André Vauthey: How a Swiss Doctor Became an Actor in America

I grew up from polish parents in the beautiful country of Switzerland, where I would go on and finish my medical degree before starting to work as a doctor. But even then, while i was studying and exploring life, I had deep in me a sense of knowing that, no matter what or how, if you do follow your heart you will always end up where you are supposed to be, even if it seems at first that you walking against a wall or worst, backwards. The crucial component is to listen to yourself deeply and for that, of course, to know yourself deeply. And it is in that optic that one day I decided to take a break from my medical path. Don’t take me wrong, being a doctor was very nice. I had a good life. It wasn’t one of those stories where I felt pressure to become a doctor from my parents despite my wishes of becoming an artist. Quite the opposite actually. I was very curious and excited to study how human bodies were made, how they worked, how they sometimes didn’t work and how to heal them. But once i started to work in a hospital, I realized how trapped I felt, how structured and really not breathing this all environment was. I wanted to find something which would be not just good but thrilling, which would make every single cells of my body vibrate. I decided to take a break and reflect on myself again, to make sure I was were I wanted to be today and not only it being a consequence of my past choices.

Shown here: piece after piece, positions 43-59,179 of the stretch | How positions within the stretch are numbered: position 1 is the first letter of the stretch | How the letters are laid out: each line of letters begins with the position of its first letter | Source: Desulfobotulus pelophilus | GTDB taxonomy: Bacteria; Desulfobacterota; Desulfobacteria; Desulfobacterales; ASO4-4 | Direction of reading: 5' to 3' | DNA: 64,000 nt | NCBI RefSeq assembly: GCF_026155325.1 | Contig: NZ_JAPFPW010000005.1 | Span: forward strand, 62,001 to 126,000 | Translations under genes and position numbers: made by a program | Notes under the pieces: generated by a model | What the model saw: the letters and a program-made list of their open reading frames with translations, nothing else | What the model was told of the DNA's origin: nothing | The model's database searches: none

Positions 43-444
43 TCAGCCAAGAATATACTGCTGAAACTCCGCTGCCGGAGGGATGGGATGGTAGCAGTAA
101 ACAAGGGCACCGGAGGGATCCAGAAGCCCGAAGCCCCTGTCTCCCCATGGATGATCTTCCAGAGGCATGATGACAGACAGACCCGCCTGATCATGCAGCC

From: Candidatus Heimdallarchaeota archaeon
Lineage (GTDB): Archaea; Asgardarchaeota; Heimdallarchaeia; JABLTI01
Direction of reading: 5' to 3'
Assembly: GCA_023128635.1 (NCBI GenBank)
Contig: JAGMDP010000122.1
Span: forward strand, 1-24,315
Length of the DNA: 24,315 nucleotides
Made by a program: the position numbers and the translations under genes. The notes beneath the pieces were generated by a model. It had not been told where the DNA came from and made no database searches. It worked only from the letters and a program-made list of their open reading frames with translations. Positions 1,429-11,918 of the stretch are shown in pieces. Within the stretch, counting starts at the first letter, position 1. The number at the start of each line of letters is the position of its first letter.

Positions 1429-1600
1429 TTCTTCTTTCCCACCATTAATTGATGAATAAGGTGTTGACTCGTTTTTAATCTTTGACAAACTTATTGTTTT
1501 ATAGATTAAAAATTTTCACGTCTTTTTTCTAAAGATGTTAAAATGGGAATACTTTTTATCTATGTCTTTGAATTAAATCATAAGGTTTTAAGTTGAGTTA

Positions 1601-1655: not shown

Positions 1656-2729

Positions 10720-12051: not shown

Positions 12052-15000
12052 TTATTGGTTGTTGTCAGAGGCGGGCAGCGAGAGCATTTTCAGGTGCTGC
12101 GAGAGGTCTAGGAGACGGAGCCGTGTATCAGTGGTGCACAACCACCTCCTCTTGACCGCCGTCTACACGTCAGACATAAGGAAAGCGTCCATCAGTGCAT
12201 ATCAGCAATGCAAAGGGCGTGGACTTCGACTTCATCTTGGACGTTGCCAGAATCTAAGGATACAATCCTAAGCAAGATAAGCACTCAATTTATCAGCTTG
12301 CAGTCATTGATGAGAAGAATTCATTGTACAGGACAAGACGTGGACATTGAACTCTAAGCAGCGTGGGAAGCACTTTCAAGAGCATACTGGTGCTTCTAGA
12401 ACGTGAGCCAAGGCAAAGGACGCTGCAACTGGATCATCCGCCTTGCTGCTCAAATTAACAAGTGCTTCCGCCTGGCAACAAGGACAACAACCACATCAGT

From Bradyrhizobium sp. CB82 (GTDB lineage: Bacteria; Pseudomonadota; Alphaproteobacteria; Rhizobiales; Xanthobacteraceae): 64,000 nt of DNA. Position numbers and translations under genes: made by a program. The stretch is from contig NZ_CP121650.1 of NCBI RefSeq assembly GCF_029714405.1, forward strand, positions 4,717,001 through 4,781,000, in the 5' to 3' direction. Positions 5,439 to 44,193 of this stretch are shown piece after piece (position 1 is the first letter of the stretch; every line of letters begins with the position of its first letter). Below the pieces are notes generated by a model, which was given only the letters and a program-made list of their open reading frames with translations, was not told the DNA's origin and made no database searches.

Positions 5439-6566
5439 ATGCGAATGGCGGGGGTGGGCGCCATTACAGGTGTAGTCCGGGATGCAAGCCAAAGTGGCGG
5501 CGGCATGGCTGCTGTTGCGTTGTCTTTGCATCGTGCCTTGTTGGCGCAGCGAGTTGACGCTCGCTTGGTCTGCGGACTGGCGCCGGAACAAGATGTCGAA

As I searched in my inner self, I looked into my passions as a kid. They were many of them but one that seemed to be coming back over and over again was acting. I used to force my older brother to perform in front of our parents as a kid. Thinking about it triggered something in me that made me a bit uncomfortable or even a bit scared. And that’s how I knew. If it made me scared, it must be cause it meant something very deeply. So I just knew I had to jump into it. I went to London to study at the pinewoods Studio and just loved it. After coming back to Switzerland, I shot my first short and acting in other ones but felt like I needed a bit of training and decided to come to New York City to study, for what I thought back then would be just an one year of acting training.

As I arrived in NYC, I had quite some expectations. Not the usual ones: big city, big dreams, becoming a star, but more madness. I guessed I imagined NYC as it used to be in the 70s-80s: a big crazy melting pot, with people on the street, artists expressing themselves, madness at its best and worst. What I found instead, was a quite normal city. Sure they are more people and the city is buzzing a bit more but nothing quite out of this world. And the same can be said about my school. It was a quite normal school, no crazy teachers pushing us to the edge or actors burning down the stage. As the year went on, I almost quit to return back home but I just decided to complete the one year program and go back home afterwards.

But, as always, when I decided to give up on it, things started to change.

The city started to crawl under my skin and I started to smell places where expression and craziness were still alive. As for my acting, something in me started to shift. I came to New York City thinking I wasn’t much of an intellectual, having met people way more intellectual than me, but boy was I wrong. I was so much in my head and, even though my teachers kept on saying to get out of your own way when acting, I couldn’t understand what they really meant. But i felt that something was happening. Acting doesn’t satisfy itself with anything but the truth.